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Table Of Historical Weights And Measures

Posted by on Jan. 3, 2010 at 9:59 AM
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Cooking measures were important to nineteenth-century cooks. Many homes did not have the luxury of weigh scales and some didn't even have a proper set of measures.

Ingredients were often estimated. And if one measurement were known, another could be obtained. For instance, 2 wineglassfuls equal 1 gill, or 1/2 cup.

Old measures like the grain, gill, scruple and dram (drachma) are little used nowadays, so if the quantities called for in Grandma's dessert recipes seem unclear, just refer to these historical weights and measures.





Table of Old Fashioned Cooking Measures

Every measure is level, unless otherwise specified. Because of the loss or gain of moisture constantly happening in dry ingredients, exact measures are not possible; but for ordinary purposes, and for home cooking and baking, the following is approximately correct:


About 25 drops of any thin liquid = 1 teaspoonful

1 Pinch = 4-1/2 grains, or less than 1/8 teaspoonful

1 Saltspoonful = 1/4 teaspoonful

1 Scruple = 20 grains, or about 1/2 teaspoonful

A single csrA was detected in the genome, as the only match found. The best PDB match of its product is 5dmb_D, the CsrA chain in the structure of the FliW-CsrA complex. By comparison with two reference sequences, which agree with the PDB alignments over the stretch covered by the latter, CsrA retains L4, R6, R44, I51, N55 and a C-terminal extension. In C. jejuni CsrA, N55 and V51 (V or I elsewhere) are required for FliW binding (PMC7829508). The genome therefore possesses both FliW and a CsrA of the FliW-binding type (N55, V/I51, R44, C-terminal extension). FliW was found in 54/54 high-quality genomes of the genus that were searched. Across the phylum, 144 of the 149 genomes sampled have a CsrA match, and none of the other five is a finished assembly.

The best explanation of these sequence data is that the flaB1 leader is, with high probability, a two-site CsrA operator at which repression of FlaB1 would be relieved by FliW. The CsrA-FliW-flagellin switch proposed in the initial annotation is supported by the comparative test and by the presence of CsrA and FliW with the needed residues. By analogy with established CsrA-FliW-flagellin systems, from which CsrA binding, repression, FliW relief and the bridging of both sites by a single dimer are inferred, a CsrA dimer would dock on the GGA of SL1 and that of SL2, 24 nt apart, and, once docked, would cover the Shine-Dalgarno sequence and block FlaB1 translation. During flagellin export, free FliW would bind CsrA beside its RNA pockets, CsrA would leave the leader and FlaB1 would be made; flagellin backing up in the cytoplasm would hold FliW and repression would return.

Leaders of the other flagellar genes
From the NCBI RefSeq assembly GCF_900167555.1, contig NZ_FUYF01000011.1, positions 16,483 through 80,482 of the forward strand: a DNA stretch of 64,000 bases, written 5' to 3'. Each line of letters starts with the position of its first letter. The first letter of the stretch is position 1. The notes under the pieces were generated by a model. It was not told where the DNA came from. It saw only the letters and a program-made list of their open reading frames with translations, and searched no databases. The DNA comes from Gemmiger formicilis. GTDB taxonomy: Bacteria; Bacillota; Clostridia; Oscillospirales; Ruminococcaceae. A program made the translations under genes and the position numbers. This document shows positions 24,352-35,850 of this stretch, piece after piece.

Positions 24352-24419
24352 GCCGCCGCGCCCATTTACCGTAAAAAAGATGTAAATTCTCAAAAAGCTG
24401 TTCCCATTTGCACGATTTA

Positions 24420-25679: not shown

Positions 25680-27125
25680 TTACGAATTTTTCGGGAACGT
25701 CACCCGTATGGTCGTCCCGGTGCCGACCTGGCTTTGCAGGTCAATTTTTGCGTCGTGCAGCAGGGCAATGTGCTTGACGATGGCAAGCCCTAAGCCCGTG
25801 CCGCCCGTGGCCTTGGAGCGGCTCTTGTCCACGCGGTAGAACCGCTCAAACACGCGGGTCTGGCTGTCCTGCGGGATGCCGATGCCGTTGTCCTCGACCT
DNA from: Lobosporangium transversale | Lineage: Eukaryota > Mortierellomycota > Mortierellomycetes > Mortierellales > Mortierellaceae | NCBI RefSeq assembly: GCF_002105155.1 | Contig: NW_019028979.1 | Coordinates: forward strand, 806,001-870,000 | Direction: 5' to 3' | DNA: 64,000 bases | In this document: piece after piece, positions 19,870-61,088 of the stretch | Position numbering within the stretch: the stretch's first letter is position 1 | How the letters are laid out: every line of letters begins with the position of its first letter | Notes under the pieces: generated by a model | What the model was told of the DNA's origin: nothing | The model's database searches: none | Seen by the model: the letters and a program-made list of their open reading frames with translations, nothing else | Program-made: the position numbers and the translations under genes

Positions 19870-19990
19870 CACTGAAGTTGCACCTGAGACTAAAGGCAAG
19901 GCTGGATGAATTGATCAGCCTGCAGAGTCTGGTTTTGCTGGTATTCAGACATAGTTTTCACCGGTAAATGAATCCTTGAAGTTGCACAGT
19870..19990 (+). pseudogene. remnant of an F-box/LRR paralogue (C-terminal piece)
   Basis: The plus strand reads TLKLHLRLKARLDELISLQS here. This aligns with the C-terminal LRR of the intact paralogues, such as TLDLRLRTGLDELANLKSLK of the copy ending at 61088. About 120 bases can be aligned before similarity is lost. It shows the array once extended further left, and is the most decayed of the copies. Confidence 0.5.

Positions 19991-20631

3 Saltspoonfuls = 1 dram (drachma), or 27-1/3 grains

1 Teaspoonful = 4 saltspoonfuls, or 36-1/2 grains

4 Teaspoonfuls = 1 tablespoonful liquid

2 Tablespoonfuls, or 16 drams (drachmas) liquid = 1 fluid oz

4 Tablespoonfuls = 1 wineglass, or 1/2 gill, or 1/4 cupful

2 Wineglasses = 1 gill, or 1/2 cupful

2 Gills = 1 coffee-cupful, or 16 tablespoonfuls, or 8 fluid oz

1 Tumblerful = 1 coffee-cupful, or 1/2 pint

2 Coffee-cupfuls = 1 pint

2 Pints = 1 quart

4 Quarts = 1 gallon

16 Ounces = 1 pound, or 1 pint of liquid

Note: A set of measuring cups (with small lips), from 1 pint to 1/4 cup, will be found convenient in every kitchen, though common pitchers, bowls, glasses, teacups, wineglasses, etc., may be substituted.

Metric Equivalents

1 oz = 28.4 grams
1 pound = 0.5 kilograms
1 pint = 0.568 liters
1 quart = 1.136 liters
1 Imperial gallon = 4.6 liters.
by on Jan. 3, 2010 at 9:59 AM
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